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Less than four years ago, shares of GME were trading at more than $45. Now, as you can see, they are under $10. The most recent financial release has even sent them briefly below $9 for the first time in a decade and a half.

So, how should one play this kind of madness?

We have an incredibly compelling side of the story about GameStop’s whole livelihood being pulled out from under it with Sony’s decision and the financial media’s insatiable appetite for hyperbole.

We also have a company that has a near monopoly on the retail side of gaming and millions of loyal customers, hundreds of stores offering thousands of products unaffected by the latest move and a depressed share price.

Fortunately, for options investors, there’s a way to play both sides at once.

A Strategy For GameStop’s Volatility

A long straddle is a type of options trade that involves buying both a call option and a put option on the same equity, with the same strike price and the same expiration date. Sounds nuts, right? Well, if your goal is to play price movement size over direction, it makes perfect sense.

You see, it doesn’t matter which direction a stock like GameStop heads from here. If shares continue to decline following its recent financial announcement, the put option in this trade will make money. If shares do somehow reverse – possibly because of the company’s now ludicrous dividend yield, its debt reduction and share repurchase plan announced last month – the call option will profit.

Either way, if the move is large enough, one of the two option contracts will profit far more than the cost of the other. The only way for this play to lose any money is if shares stay exactly where they are when the investor opens the trade.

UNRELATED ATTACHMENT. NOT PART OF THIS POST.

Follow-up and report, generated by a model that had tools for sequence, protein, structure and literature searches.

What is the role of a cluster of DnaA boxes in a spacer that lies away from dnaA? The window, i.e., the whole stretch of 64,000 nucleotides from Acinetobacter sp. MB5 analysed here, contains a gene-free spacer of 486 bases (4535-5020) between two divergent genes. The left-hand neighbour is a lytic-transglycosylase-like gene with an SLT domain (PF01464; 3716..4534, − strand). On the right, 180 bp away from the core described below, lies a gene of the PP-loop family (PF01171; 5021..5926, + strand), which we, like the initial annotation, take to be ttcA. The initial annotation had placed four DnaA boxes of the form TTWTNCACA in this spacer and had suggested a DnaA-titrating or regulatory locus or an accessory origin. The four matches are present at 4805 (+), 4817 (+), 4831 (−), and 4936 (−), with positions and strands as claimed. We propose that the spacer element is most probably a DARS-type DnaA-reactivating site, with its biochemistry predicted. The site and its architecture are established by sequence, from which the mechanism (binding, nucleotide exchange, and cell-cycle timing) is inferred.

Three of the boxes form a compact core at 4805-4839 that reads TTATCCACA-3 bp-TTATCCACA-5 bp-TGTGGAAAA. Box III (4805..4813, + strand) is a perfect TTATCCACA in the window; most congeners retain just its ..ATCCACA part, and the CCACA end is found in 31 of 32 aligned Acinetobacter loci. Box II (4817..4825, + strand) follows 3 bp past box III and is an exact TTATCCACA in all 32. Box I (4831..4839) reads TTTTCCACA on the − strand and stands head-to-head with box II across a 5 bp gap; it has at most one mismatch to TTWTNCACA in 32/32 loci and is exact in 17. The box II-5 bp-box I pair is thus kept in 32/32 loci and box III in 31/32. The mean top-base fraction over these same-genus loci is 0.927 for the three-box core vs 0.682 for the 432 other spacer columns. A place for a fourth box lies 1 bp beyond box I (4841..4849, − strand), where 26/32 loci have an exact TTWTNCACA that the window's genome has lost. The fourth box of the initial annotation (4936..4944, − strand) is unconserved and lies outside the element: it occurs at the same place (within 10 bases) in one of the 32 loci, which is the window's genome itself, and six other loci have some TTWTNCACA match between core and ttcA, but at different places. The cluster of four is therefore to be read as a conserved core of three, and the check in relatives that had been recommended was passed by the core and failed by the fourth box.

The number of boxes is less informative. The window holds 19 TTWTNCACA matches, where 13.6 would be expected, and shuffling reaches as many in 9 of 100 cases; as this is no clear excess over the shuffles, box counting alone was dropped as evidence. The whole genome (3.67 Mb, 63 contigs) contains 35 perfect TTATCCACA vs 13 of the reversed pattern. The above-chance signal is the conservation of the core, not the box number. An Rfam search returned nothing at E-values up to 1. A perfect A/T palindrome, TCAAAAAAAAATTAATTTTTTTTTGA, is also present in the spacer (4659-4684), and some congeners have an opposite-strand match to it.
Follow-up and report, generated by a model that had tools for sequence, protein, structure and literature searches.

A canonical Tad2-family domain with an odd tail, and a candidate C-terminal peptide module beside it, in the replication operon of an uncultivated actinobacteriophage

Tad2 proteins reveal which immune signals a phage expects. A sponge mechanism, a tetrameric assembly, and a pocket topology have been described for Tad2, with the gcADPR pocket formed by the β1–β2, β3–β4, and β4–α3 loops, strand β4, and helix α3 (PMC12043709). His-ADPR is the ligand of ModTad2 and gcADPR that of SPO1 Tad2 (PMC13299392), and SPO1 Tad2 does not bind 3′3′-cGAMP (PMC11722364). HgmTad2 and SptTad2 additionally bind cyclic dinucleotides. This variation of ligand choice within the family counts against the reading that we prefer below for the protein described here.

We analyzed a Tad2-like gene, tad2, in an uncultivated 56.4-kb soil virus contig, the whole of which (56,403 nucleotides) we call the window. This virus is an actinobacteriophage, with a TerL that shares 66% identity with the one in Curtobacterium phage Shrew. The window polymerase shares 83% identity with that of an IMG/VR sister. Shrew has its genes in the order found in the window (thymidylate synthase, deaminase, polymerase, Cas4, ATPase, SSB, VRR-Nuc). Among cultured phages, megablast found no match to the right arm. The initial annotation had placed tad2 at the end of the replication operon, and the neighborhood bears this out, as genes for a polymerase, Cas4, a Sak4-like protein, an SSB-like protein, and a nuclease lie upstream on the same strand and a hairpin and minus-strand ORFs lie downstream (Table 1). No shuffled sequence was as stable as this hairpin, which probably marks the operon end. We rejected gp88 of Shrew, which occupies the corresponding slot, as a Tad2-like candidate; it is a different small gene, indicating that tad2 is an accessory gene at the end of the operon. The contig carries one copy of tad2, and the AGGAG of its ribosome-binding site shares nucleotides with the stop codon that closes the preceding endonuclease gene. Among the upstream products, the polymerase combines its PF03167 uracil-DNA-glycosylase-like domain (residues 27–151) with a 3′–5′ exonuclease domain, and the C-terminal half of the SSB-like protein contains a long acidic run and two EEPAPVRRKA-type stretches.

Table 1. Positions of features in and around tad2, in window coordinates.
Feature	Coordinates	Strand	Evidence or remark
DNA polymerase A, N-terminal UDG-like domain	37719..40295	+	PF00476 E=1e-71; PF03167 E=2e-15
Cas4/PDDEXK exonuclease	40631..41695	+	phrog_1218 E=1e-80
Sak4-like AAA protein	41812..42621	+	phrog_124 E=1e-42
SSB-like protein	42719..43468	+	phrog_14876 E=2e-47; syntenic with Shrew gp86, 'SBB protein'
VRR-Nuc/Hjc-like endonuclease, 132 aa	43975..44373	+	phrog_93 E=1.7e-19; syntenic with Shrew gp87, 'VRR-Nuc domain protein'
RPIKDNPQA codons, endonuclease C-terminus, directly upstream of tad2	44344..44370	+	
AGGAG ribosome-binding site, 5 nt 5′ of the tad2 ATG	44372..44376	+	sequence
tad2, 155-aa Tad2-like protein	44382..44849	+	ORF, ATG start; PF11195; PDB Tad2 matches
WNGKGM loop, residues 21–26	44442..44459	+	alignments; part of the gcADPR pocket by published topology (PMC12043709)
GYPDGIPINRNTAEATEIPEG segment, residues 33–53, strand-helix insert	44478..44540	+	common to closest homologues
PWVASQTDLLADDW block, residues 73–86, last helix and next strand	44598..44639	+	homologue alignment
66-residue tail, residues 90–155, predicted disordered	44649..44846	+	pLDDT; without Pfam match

But as you can see, that risk is limited:

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Source: The Options Industry Council

You can also see in this graph that the potential profit – no matter which direction the stock goes in – is near limitless.

Let’s look at a specific example of this kind of trade on GameStop…

A Specific Trade For GME

A trader looking to profit from GME’s bout of volatility could buy a May 17 $10 call option for $0.58 per share and a May 17 $10 put option for $0.65 per share for a total cost of $1.23 per share.

Since each contract is worth 100 shares, that’s a total net debit – and therefore total amount at risk – of $123. Considering the amount this trade could make, that’s chump change.

Consider this: if trends reverse and shares rally after this disappointing to financial release, a $15 GameStop would turn a profit of $3.77 per share… or $377 total. Likewise, a continued decline to say $7 would be worth $177.

To find these numbers, take the difference between the end price of GME shares and the strike price. Then, subtract the entry cost [($15 – $10 = $5; $5 – $1.23 = $3.77) OR ($10 – $7 = $3; $3 – $1.23 = $1.77)]. Then multiply by the 100 shares each contract is worth ($3.77 x 100 shares = $377; $1.77 x 100 shares = $177).

As you can see, the more GameStop’s share price moves, the greater the profit. And with so much going on at the company – and in the heads of investors surrounding the company’s share price – you can expect major moves like we’ve seen continue.

And the best part is… you don’t even have to know which direction those moves will head to profit.

— The Option Specialist